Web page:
Fayetteville City Council Approves Renaming Street After Nolan Richardson

The initiative aims to honor the legacy of the former Razorback basketball coach.

Coach Nolan Richardson poses outside of a campus building in his younger days.
Photo courtesy of UA Black Alumni Society

Leroy Pond Drive will be renamed Nolan Richardson Drive after the Fayetteville City Council approved a resolution for the name change during last night’s meeting. Councilman D’Andre Jones presented the resolution, which was brought to him by the University of Arkansas Black Alumni Society. 

Richardson led the UA men’s basketball team to its only national championship in 1994. Fayetteville profited from Richardson’s success, BAS vice president Synetra Hughes said, so renaming the road after him is the least the city can do to honor his legacy and celebrate all he’s done.

“It’s going to be a huge step in the right direction to right a lot of the wrongs that the city of Fayetteville has committed against the Black and Brown communities in Fayetteville,” Hughes said.

UA alum Randy Coleman also spoke in favor of the resolution and urged the city council to be “on the right side of history and not the wrong side of equality.”

“With respect to the distinguished service of Leroy Pond, coach Richardson needs a public display of a street sign and a statue in front of the facilities that he helped create just like the other retired national championship coaches who ironically are white,” Coleman said.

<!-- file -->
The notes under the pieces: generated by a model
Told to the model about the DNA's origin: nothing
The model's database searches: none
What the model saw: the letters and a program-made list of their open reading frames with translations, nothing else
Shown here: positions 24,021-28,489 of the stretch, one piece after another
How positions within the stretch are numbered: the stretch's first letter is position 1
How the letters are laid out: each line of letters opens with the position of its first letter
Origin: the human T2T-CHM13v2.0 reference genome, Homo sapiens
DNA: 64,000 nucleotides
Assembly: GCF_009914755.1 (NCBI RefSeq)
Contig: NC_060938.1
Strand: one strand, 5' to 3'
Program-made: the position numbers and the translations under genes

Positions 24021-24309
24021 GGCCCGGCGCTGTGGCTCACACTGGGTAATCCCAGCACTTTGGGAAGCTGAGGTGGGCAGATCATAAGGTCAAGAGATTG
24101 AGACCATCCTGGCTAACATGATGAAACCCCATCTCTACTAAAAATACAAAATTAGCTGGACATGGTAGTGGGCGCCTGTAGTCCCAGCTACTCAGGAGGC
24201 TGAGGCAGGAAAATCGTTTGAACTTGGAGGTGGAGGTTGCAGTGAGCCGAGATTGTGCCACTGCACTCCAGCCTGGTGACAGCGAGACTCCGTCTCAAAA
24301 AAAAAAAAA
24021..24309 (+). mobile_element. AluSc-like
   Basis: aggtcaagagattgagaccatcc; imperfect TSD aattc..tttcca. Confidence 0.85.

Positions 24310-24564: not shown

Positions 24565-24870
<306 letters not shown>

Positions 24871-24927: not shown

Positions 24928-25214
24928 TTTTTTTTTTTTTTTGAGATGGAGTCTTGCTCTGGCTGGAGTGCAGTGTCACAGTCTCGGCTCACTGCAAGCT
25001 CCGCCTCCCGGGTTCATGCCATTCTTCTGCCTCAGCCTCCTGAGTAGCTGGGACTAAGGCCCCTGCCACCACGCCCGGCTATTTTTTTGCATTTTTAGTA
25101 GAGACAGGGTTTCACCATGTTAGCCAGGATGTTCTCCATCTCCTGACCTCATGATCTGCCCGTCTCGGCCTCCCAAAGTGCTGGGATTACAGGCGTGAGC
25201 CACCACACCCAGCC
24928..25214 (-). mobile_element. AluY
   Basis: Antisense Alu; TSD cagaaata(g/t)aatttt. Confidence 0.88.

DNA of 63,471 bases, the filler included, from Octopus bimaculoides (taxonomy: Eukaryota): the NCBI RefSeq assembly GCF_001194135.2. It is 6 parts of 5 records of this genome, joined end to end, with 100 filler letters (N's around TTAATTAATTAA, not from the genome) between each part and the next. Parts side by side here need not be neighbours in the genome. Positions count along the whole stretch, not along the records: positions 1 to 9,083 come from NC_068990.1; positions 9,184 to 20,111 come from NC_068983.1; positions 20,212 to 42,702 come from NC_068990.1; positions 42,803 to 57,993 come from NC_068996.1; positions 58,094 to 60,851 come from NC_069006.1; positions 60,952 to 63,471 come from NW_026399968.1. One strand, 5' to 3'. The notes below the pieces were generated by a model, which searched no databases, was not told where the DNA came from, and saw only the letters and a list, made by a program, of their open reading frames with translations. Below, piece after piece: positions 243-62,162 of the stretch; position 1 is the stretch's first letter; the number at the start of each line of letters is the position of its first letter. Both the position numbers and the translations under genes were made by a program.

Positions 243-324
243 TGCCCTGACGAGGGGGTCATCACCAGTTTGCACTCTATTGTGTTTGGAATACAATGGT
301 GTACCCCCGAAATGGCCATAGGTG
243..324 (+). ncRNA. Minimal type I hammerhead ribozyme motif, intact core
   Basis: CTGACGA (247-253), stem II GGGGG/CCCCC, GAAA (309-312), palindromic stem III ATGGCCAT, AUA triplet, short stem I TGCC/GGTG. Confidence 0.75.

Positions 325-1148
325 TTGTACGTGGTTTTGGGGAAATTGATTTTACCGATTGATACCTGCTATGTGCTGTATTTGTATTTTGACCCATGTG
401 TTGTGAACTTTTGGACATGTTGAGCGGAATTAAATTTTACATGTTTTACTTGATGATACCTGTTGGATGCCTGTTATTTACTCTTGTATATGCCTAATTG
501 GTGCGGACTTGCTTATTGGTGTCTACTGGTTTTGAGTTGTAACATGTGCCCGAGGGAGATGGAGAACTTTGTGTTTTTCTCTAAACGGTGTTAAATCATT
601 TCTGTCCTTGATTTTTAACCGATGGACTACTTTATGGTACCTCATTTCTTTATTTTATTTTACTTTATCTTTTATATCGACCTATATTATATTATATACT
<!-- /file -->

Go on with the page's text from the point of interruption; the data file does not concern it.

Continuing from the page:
Pond was a Fayetteville native who graduated from the U of A in 1938. He joined the Army, rose to the rank of captain and led a rifle company on D-Day. He was wounded in Germany in December 1944 and died from his injuries the following month.

The original resolution planned to continue honoring Pond by renaming nearby Meadow Street after him. However, the road is under the university’s jurisdiction, not the city’s. 

An amendment introduced at last night’s meeting called for Government Avenue, the road leading into Fayetteville National Cemetery, to be renamed Lt. Col. Leroy Pond Avenue instead. Honoring Pond at the cemetery will say a lot about the veteran and enlighten people to the kind of hero he was, city attorney Kit Williams said.

“That’s a much better street, much more honorable for Leroy Pond and I think we owe him that honor,” Williams said.

The city council unanimously approved the amended resolution. The decision comes as the men’s Razorback basketball team prepares for the NCAA tournament. The Hogs have earned the No. 3 seed in the South Region and they’ll play Colgate, the region’s No. 14 seed, Friday. 

Antoinette Grajeda
Antoinette Grajeda

Antoinette Grajeda is an Arkansas-based journalist. She has covered race, culture, politics, health, education and the arts for NPR affiliates as well as print and digital publications since 2007.